The second course of free range chicken over gnocchi tossed in pumpkin sage cream sauce and dusted with smashed pecans and served with sliced pecorino-romano cheese was served with the 2002 reserve merlot and the 2004 merlot. Of these two vintages the 2002 reserve merlot was the hands down winner. We have written about the 2002 reserve before and absolutely love it. We noted raisin, dates, tobacco, anise and plum. I only have one bottle of this vintage left on my rack and I’m hanging on to it. It only gets better with time.

The 2006 and the 2007 merlot vintages were served with grilled lamb and roasted onion terrine served with warm over rosemary roasted fingerling potatoes and peas with lamb gravy. The 2007 merlot stood out during this course. We noted its dark color, dark fruit characteristics and light tannic presence. Once again the pairing was perfect.

After each course Michael Shaps surveyed the participants to determine their favorites. The consensus was pretty much on target. Warren and I both selected the 2002 Merlot Reserve as our favorite of the day. Our second and third selections were split. I selected the 2007 as my second and Warren selected the 2000. In third place I selected the 2000 and Warren selected the 2007. We thought all these vintages were excellent examples of the merlots being produced by Breaux.

We finished the event with a taste of the Lot 816 Merlot barrel sample. While tasting the sample we chatted with other attendees and Breaux friends. Before leaving we picked out Cellar Club selections. Michael Shaps did a wonderful job leading us through the vertical. With all the news of changes coming to Breaux, the future looks bright! The next time you visit Breaux Vineyards be sure to tell them Virginia Wine Time sent you!

Reflections on The Drink Local Conference

Paul certainly captured the spirit of the Drink Local Wine Conference that was held at the Lansdowne Resort this past Sunday. I thought that I would add a few of my own thoughts on the event:

1. We’re on the verge of something really big!
Readers of our blog know that we’ve been heralding Virginia wines for five year now, and the treat for us has been to witness the tremendous growth in the local wine industry. The number of wineries and vineyards in the area has exploded in the past few years; however, the most successful wineries have kept a focus on wine quality. It was fascinating to me to listen to and even interact with successful owners and winemakers such as Mathieu Finot of King Family, Jenni McCloud of Chrysalis, Luca Paschina of Barboursville and Jordan Harris of Tarara. Their quest is to discover what varietals work for Virginia, to experiment and take risks, and to ultimately put Virginia on the map as a region that produces unique yet world-class wines. Which ones will be the flagship grapes? Opinions seem to converge on Viognier, Cabernet Franc, and Petit Verdot with Merlot and Chardonnay in the running. The panel discussions with wine makers and social media experts confirmed what I have known for years now—Virginia is on the verge of something big!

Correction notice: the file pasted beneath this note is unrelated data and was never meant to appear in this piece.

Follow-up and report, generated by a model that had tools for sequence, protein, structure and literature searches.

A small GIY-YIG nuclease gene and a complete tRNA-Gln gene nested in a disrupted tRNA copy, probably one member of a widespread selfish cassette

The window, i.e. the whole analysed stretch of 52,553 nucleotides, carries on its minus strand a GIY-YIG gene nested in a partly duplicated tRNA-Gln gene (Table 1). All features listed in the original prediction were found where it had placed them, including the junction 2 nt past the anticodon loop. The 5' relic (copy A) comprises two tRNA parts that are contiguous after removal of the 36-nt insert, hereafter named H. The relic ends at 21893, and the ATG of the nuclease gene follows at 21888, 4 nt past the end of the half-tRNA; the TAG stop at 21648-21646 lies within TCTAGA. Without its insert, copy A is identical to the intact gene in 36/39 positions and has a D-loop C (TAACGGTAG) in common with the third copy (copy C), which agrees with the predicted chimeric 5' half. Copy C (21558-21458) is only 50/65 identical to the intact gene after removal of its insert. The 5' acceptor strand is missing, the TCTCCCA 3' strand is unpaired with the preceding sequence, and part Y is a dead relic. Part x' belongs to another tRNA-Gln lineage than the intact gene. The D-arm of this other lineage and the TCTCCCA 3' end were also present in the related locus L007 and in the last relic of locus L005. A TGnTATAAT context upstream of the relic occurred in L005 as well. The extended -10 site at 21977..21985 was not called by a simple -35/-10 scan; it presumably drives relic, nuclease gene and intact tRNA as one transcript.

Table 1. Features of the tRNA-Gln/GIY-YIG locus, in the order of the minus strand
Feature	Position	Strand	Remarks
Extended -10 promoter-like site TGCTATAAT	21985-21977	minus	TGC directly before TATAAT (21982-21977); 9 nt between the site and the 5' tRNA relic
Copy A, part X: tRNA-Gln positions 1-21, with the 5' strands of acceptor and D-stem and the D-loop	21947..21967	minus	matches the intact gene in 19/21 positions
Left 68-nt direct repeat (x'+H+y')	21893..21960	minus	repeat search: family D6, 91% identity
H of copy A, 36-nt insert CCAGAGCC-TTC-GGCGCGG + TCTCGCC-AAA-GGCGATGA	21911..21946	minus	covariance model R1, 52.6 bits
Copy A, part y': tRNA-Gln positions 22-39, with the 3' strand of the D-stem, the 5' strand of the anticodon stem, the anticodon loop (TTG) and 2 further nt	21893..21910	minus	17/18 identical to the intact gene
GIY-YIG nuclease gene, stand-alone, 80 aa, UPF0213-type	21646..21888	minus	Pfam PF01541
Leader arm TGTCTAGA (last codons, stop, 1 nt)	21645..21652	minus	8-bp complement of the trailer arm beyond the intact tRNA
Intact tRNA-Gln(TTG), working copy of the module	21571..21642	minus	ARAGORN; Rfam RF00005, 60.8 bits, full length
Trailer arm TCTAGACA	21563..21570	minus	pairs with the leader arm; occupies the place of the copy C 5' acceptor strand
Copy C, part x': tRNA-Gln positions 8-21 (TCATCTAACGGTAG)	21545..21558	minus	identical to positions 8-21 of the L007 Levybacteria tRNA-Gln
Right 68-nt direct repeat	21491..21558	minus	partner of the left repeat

2. Social Media connects consumers to local wines.
Ok—I must admit that I am not a Twitter or Facebook fan. Paul handles all of that for Virginia Wine Time. However, after Sunday’s panel discussion on social media, I am now a fervent believer that Twitter, Facebook, and blogs fill the gap between local wineries and traditional media. Virginia wineries may not be headlining Wine Spectator, but then again most wine drinkers don’t really care. A tweet about a favorite Virginia wine creates a buzz that Wine Spectator could never create. Jenn Breaux Blosser of Breaux Vineyards is by far the most engaged with social media, and she had never been shy about networking via Twitter and Facebook. I do believe the testimonial that she delivered at the conference—social media pulls in customers that she could never reach via traditional media.

There are exceptions, though. I was thrilled to meet Dave McIntyre, wine critic for the Washington Post. Dave’s wine column in Wapo’s food section is one that I never miss, and he has been an active promoter of local wines. I’ll take Dave’s word about wine over Robert Parker’s any day of the week. However, I’d apply the same standard to bloggers and “tweeters” and admit that an expert palate like Dave McIntyre’s certainly trumps mine; so, if Dave recommends a Virginia wine, trust him—it’s really good and worth seeking out!

3. Virginia (and Maryland) makes some excellent wines.
The highlight of the day had to be the wine “Twitter Taste-Off” when we all got to sample the best wines that 21 local wineries had to offer. Paul noted that Breaux Vineyards’s 2002 Reserve Merlot and Chrysalis’ 2008 Albarino took top honors, and those were certainly excellent pours. However, there were a number of outstanding wines that included Michael Shaps’ Viognier (my own personal fave), King Family’s 2008 Meritage (which may give the successful 2007 vintage a run for its money), and Boxwood’s 2007 Topiary. The sleepers of the event had to be the 2005 Petit Verdot from Ingleside and the current Syrah from Maryland’s Black Ankle. (For those who like a fuller-bodied Chardonnay, Maryland’s Elk Run offering may be worth a try, too.)

I was definitely inspired by the day’s events, and now I am even more anxious to hit the wine trails to discover the quality wines that Virginia wineries have to offer. And now I am determined to visit Maryland wineries, too! Of course, another pleasure was to meet other bloggers, and who knew that we would be dubbed the “wine mafia”! Could this be a movie in the making? The Winefather?

Be sure to visit Virginia wineries this spring, and mention that Virginia Wine Time sent you!